The War On Edjucatin’
Good morning, y’all. I am so bummed that I just stayed inside all day today. I didn’t want the sunshine and pleasant weather to make feel better. I just want to revel in my misery until I can get some sign, from the Heavens, or wherever, that the Bulldogs will right the ship. I even took to watching Faux News to try to numb my brain without the aid of alcohol. I’m on the wagon, you know.
Faux news breaking reports have been promoting the idea that a college education is “just not worth it”. Normally, I tune out their drivel, but when total misinformation is pounded into the airwaves every fifteen minutes, twenty four seven, I find it impossible to ignore without comment. Additionally, it seems that in an effort to keep abreast of Faux, CNN, “the most trusted name in news”, has picked up the meme and is doing their part to promote ignorance throughout society.
The logic thread, if you can call it that, is that the amount of student debt encumbered by some degrees does not translate into a quick return on investment. Sadly, the propagandists at Fox only recognize quick turning ROI’s like insider trading or cash laundering. We are to believe from the Faux news reports that an investment that doesn’t return instant profits, like a higher education, is foolish and to be avoided at all costs.
Contrary arguments to their news blurbs are never presented, especially ones that irrefutably disprove Faux’s assertion. For example, an article in US News and World Report states that, “Those holding bachelor’s degrees earn about $2.27 million over their lifetime, while those with master’s, doctoral, and professional degrees earn $2.67 million, $3.25 million, and $3.65 million, respectively.” “Today’s young high school-only grads earn about 62 percent of what their college-graduate peers earn.” Now even a simple-minded country boy like myself can figure that even with a $100,000 tuition debt at graduation, the $2.27 million looks like a good return on my investment.
There is an argument that can be made that there are certain high earning professions that don’t benefit from a degree. My cousin Rad has made mid 5 figures annually since high school running the family business. Simmons Sewers and Septic have been proudly pumping bilge in the Atlanta area since 1947. Rad is a third generation pooper pumper, and started his ascendancy to the “throne” in high school. Working after school and weekends, Rad learned the ins and outs of the business before he graduated high school. While Rad’s classmates were listening to SAT prep instructors, Rad was listening to the septic truck’s vacuum pump motor to make sure that the vacuum pump was operating properly. If the pump got blocked, well, things could “go in the dumper” pretty quickly.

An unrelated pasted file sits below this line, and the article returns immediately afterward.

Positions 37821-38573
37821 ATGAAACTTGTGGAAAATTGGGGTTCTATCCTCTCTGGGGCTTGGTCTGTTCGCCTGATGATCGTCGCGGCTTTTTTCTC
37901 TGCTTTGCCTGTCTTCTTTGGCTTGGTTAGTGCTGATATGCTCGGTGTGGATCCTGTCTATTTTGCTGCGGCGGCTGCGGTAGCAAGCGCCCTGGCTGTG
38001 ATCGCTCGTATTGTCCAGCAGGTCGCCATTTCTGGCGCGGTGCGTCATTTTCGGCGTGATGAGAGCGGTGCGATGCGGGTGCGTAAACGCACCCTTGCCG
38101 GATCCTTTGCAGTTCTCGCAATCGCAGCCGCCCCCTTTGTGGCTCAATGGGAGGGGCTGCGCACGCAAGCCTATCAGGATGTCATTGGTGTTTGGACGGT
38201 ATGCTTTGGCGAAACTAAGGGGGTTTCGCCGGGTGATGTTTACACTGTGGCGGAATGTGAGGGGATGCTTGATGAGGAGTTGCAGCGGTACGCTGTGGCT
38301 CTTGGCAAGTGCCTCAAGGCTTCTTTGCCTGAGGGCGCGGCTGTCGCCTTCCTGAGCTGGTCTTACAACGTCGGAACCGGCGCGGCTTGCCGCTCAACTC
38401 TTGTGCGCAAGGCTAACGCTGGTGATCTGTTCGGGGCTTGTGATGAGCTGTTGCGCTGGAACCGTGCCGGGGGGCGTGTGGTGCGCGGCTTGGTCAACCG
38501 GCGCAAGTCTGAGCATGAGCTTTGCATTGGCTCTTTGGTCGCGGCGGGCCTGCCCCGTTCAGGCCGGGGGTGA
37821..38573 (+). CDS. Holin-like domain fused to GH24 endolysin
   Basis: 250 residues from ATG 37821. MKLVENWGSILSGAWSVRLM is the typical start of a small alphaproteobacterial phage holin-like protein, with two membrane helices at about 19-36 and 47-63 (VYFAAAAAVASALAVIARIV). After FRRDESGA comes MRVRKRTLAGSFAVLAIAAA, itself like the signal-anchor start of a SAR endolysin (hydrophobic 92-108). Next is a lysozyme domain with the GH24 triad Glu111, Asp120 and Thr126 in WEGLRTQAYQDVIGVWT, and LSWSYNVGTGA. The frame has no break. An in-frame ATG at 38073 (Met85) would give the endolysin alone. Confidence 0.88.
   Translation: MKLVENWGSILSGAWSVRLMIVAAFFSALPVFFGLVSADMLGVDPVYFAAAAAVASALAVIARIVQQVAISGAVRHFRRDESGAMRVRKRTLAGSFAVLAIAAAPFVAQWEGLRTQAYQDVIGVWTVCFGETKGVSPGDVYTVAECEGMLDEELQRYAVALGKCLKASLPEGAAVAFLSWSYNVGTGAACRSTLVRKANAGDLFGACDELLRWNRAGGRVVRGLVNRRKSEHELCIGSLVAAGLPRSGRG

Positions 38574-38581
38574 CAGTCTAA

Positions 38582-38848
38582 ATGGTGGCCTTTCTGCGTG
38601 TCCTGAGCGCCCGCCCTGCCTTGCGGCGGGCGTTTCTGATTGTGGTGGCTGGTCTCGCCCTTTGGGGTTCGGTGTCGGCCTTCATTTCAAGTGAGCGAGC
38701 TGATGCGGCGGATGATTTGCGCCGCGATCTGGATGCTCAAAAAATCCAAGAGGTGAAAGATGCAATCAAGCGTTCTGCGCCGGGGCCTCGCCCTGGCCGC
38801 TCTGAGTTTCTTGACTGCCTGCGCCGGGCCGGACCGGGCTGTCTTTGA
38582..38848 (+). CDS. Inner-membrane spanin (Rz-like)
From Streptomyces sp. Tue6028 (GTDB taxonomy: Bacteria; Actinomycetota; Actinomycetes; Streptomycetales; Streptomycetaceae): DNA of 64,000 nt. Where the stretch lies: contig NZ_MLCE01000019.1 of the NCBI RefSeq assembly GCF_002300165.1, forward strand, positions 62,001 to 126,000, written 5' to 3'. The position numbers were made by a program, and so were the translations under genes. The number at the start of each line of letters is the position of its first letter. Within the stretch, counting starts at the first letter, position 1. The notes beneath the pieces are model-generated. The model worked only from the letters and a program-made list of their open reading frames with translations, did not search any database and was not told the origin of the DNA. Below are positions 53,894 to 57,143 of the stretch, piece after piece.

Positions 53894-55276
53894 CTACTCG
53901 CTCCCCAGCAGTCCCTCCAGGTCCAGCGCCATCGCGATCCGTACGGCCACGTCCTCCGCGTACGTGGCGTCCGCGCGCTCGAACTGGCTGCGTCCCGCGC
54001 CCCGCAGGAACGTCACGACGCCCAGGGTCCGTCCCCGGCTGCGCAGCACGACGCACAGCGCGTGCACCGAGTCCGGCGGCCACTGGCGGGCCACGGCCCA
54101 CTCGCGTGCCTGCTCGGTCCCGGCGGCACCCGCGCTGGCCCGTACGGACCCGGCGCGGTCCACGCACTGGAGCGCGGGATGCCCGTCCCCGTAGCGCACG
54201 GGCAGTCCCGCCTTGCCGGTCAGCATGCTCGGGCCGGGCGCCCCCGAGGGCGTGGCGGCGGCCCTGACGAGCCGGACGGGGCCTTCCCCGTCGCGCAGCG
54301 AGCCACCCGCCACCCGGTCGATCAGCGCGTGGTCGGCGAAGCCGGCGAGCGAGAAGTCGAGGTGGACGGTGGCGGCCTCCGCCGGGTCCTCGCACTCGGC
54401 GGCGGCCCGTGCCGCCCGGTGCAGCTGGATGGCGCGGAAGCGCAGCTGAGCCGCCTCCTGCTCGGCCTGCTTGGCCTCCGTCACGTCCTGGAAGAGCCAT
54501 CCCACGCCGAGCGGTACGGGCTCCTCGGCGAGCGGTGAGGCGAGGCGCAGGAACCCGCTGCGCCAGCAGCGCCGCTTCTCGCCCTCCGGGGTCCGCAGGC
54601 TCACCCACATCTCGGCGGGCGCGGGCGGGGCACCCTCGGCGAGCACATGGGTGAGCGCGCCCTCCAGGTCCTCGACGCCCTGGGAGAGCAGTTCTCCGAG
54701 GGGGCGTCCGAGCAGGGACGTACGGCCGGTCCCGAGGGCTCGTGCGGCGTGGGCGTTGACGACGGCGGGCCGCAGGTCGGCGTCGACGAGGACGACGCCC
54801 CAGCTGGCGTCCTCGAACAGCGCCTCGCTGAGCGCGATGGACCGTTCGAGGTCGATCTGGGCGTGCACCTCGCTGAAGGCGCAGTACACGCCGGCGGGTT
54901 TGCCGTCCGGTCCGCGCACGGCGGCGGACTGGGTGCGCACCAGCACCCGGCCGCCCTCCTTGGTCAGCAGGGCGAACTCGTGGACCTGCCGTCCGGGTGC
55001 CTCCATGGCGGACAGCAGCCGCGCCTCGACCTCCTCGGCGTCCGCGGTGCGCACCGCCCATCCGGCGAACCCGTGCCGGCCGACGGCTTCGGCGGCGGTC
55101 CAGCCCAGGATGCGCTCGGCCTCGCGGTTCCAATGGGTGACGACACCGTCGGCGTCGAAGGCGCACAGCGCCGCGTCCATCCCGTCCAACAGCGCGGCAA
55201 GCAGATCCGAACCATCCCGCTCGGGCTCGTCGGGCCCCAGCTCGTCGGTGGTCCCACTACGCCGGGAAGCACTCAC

Many of us envied Rad’s financial independence. Rad had a new car, always had spending money and was the first one of us married and then to have children. Rad went from high school to middle-age while the rest of us were trying to figure out how to squeeze out six years of parent sponsored independence for our four year degree. Rad has had a good life, and looks forward to the first Simmons graduating college in the Spring. Early on, higher education for his children became a priority to Rad because he wanted them to have a better life and more opportunities.
If the Faux news argument that “a college degree is just not worth it” can so easily be refuted, why are the propagandists so ardently pushing the concept? Could promoting ignorance have a different reward? Could the fact that the ignorant are more easily led be the real end game? I guess we’d have to have some kind of study that proved Faux news viewers were actually less informed than the average American. Oh wait, here’s one. These statistics were documented in a 2011 PublicMind poll conducted by New Jersey’s Farleigh Dickinson University. Sounds like the “news” agency wants to shape policy as well as dumb down their viewers.
I think that great American, Hunter S. Thompson, had Faux News in mind when he said, “The TV business is uglier than most things. It is normally perceived as some kind of cruel and shallow money trench through the heart of the journalism industry, a long plastic hallway where thieves and pimps run free and good men die like dogs, for no good reason.”